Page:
After years in the business, Walton knows exactly how he likes to structure transactions: "If bail is set at $1,000, then it's a very casual relationship and signatures [of the promising parties] are all I'll need. But if it's a $10,000 amount I'm dealing with, then I'm going to secure against real property. I want a legitimate, serious guarantee on my money." Walton also knows whom he does not like signing the promissory note: "I don't like dealing with the girlfriend or the wife of the person needing the bond. I don't like girlfriends or wives signing because they really don't have control over the person in jail. I prefer to deal with a mom or dad, or a big sister.
"I'll tell you I recently wrote a $100,000 bond on a kid with some very ugly sex charges, and the parents signed using their house as equity. Believe me, on that kind of troublesome bond, we record those liens with the county. Then I heard last month that the parents were trying to sell their house or borrow against it. If I didn't have that lien recorded and perfected, then I would be getting nothing," he sighs.
"One time someone pledged two horses to me as collateral. So we took the horses, put them to pasture and the guy skipped on us. One horse got sick; we had to pay the vet bill. Then we had to buy hay. Now, we don't take things that eat."
Another time, Walton took a stereo as collateral. The stereo was infested with cockroaches. "All of the sudden, we had roaches everywhere, and I had to get this place fumigated twice before we could get all the roaches out. Believe me, that was a nightmare," he says.
Beehive's contractual obligation ends once a defendant (for whom Beehive has guaranteed appearance in court) is sentenced. If a defendant appears in court on all necessary dates and receives a sentence, then Beehive and the party contracting on the defendant's behalf (e.g., a parent or sibling) walk away free and clear of each other. For its part, Beehive has taken for keeps a full 10 percent of the bail amount, but the defendant's family has not needed to raise the entire bail sum necessary to release the defendant from jail. It's a system that works and generally makes everyone happy. Walton comments that in many other countries, "they aren't used to this whole bail-bondsman system and the notion of pretrial release, and I'll tell you, they love it!"
When a defendant fails to appear in court, bail-bond agencies are notified, as required by statute. A significant part of Walton's business is dealing with clients who fail to make their court appearances.
"Let me tell you, [notifications] just roll in. They come by certified mail, and they just roll in every day. My daughter's primary job is to deal with the 'failures to appear,'" Walton explains. "We start on the phone. We call the defendant, and we give very specific instructions on how the defendant can rectify the situation with the jail and the court. Rarely does it go beyond this," Walton states with emphasis.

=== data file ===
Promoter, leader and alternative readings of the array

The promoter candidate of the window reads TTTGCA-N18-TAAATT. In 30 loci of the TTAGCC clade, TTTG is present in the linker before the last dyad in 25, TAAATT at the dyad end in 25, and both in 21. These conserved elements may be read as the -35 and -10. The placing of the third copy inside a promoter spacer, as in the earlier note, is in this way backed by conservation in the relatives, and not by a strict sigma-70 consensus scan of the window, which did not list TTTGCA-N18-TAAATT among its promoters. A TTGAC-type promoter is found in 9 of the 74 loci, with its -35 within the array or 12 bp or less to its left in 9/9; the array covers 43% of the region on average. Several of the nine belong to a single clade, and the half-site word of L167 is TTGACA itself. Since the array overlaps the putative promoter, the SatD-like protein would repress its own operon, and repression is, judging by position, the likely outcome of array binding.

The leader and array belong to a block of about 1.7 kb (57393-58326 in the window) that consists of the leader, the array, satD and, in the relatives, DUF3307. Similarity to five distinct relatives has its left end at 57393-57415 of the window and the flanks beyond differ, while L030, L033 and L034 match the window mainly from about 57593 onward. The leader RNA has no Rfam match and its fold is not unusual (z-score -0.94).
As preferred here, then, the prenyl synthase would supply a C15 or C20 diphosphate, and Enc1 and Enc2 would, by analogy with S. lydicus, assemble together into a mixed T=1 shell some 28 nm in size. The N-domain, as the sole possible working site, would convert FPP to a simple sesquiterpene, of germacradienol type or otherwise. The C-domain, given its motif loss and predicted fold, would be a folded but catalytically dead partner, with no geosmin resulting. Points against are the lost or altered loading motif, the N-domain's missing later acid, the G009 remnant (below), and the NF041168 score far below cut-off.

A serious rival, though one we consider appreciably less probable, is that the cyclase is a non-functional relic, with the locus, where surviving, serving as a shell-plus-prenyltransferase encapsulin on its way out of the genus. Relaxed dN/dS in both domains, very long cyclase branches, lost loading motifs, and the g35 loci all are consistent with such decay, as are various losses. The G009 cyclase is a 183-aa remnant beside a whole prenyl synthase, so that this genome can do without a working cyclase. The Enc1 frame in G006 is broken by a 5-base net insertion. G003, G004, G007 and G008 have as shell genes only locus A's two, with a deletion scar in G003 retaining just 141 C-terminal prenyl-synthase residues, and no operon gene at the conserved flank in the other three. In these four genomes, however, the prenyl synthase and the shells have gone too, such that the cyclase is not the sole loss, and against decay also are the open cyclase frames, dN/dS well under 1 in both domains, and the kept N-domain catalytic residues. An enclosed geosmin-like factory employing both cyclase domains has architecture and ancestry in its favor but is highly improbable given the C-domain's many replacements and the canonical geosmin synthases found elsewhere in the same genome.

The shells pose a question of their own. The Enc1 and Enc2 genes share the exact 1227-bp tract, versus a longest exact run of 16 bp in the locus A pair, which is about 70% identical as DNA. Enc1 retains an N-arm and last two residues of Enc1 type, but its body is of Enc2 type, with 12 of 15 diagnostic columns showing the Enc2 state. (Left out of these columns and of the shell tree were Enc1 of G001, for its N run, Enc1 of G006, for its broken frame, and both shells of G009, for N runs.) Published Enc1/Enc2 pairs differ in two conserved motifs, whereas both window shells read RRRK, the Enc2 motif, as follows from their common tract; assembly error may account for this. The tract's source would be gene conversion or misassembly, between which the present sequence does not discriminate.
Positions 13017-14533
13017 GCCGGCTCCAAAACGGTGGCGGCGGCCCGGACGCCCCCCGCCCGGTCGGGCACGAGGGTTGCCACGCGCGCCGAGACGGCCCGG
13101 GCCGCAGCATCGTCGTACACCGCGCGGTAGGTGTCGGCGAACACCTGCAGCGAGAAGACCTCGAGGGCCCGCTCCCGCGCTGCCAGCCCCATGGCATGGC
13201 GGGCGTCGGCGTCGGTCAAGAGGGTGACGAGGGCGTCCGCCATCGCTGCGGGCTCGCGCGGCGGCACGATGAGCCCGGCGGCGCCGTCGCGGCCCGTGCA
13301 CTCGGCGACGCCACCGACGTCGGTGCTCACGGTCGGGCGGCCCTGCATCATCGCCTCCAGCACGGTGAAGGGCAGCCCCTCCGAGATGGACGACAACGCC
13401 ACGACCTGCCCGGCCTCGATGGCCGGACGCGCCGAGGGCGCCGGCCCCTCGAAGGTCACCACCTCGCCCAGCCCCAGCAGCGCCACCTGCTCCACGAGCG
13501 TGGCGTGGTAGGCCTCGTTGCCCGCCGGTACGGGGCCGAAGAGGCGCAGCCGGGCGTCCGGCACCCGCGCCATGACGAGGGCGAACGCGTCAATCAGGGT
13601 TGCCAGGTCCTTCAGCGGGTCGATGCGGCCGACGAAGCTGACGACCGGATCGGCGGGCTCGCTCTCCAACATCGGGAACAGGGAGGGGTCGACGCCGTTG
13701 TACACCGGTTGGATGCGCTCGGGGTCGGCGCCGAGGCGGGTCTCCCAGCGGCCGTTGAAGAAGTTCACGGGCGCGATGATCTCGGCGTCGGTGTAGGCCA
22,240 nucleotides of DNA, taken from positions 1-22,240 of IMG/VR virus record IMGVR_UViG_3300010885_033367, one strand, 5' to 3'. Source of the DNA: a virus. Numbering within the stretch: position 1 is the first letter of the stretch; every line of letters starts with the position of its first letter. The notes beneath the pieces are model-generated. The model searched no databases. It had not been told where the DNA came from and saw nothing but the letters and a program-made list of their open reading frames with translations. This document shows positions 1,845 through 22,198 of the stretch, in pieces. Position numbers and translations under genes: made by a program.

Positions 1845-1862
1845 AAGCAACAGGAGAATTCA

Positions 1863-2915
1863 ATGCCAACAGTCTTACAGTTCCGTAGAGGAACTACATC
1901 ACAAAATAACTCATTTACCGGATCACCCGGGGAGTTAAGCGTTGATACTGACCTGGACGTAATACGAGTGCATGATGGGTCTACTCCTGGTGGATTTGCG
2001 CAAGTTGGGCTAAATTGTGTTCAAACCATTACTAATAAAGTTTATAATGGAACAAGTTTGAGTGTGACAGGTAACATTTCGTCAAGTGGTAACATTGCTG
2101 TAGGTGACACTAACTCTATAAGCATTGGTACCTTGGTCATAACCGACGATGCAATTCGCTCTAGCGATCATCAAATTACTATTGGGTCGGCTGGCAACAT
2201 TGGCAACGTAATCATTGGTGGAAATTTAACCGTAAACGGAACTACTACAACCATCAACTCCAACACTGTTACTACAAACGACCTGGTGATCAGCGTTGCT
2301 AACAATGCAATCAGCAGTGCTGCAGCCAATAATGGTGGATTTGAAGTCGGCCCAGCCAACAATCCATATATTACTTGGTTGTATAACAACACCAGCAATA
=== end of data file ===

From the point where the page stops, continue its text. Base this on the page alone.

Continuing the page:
Although about 20 percent of the original group of people for whom Beehive has pledged appearances fails to appear, these failures are usually cleaned up by persuasive phone calls—or an occasional "field trip," as Walton calls them. A very small number are arrested for failing to appear. "That work, where people completely fail to appear and need to be re-arrested, we contract out to Bail Enforcement or Bail Recovery Agents. We used to do that kind of work in the old days, but nowadays there is a special license for it; it's been totally separated from the bail-bonds business," Walton says.
"I'll tell you, though, it may not sound pretty, but we like domestic assault cases. These are cases where it's about emotion, and addiction is not involved. Those people, where it's just emotion, they tend to be the types who typically go to court—and that is what we care about."
During the 1960s, there was a movement away from using bail bonds and toward other types of pretrial release. But as Walton explains, a study conducted at the University of Chicago revealed that this move away from bail bonds was "not working well. Although several states, including Illinois, Kentucky and Wisconsin, had experimented with doing away with bail bondsmen—it was not a success." Walton states proudly: "Next to keeping people incarcerated, the finest system for ensuring your appearance in court is bail bonds.
"Nationally, the loss percentage is less than 1 percent that we [the bail bondsman] will not produce the defendant's appearance in court, in some manner. The pretrial-services percentage is about 10 percent. We are beating them. I'm not saying that the bail-bonds system isn't archaic and imperfect, but if the judge wants to assure the appearance of a defendant, it's a pretty good system. We, as a society, do not want to pay the money to hold people, we want them to be able to get on with life, and we also want to obey the Constitution."